Capstone Advice

Below you’ll find some general advice about capstones, which is most applicable in the early stages of project development but which remains relevant throughout the process. I initially e-mailed these thoughts to some capstone students on 29 April 2016.


  1. Read about potential areas of interest, and get to know your potential capstone advisors better as researchers by acquainting yourself with their work. I often go along with the adage that reading rots the mind, but a little exploration can go a long way at this point. See whether a given topic still interests you once you’ve gone down the rabbit hole a bit.

  2. Talk or correspond with potential capstone advisors. (When? By reading week of Year 3, Sem 2 would be good.) Such discussions will allow both parties to get a better sense of the intellectual and stylistic fit. You likely have an idea of these aspects already, but the considerations here are a bit different from choosing a course instructor or just having a conversation. You are looking to generate mutual interest and mutual commitment.

  3. Think very hard about what you want to get out of your capstone experience, and be strategic to further those goals. Of particular relevance is deciding to what degree you want to align yourself with your capstone advisor’s expertise and research aims. I’ve run the gamut from both the student side and the advisor side, and there are trade-offs to keep in mind. If your primary aim is to develop and address your own question, then realize that you will have to be more independent in navigating the literature, designing and implementing the experiment(s), and staying motivated through a long slog. If your primary aim is to develop a publishable piece and/or get a better idea of how a psychologist works and thinks, then you may need to co-develop or select a semi-developed project instead, with the advantage being that you can then better leverage your advisor’s topic expertise, existing experimental threads, and excitement. My hard-won advice is to lean towards the latter, and some capstone advisors will insist that you do.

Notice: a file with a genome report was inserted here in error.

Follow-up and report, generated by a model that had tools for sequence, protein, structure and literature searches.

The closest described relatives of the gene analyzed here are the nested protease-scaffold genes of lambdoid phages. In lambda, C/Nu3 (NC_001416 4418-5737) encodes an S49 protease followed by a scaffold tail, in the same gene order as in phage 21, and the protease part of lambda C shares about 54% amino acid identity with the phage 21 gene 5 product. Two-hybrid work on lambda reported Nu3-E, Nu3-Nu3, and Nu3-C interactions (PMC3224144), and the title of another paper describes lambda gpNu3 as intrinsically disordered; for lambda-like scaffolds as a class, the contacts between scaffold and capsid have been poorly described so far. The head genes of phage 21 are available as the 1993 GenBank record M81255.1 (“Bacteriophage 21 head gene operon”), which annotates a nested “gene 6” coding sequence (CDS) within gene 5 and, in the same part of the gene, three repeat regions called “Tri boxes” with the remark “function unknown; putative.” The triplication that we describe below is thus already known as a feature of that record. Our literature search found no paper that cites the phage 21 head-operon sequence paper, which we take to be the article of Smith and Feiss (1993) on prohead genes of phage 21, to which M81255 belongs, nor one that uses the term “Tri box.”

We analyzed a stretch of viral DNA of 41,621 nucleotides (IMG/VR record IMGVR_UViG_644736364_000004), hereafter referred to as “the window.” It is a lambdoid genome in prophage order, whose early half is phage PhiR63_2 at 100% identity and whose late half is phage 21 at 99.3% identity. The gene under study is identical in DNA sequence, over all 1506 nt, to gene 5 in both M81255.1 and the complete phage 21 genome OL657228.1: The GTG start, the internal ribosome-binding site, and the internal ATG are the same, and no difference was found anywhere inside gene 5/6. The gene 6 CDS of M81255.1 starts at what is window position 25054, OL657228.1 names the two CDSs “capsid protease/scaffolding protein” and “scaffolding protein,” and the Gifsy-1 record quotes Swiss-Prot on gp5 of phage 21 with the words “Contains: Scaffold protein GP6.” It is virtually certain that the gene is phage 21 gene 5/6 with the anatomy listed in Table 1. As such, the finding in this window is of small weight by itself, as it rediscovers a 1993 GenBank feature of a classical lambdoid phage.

4. Keep the scope reigned in. PhD students frequently have to be reminded that their dissertation need not win a Nobel Prize or shake the very foundations of their field. A PhD dissertation is a major personal work of scholarship, representing a solid and coherent body of work that makes an intellectual contribution to a given field. Such a substantial yet measured aim is the goal of multi-year, full-time programs, so keep in mind that your capstone should be something much more modest and circumscribed. This doesn’t mean that you shouldn’t address big questions, just that you should be realistic about what time, interest, and experience allow in terms of implementation. Some advisors—myself included—build a list of potential projects that can give you a better idea of what we think is doable. These potential projects are the “semi-developed” ones to which I refer in point #3. Looking at capstone projects from previous years can also be helpful.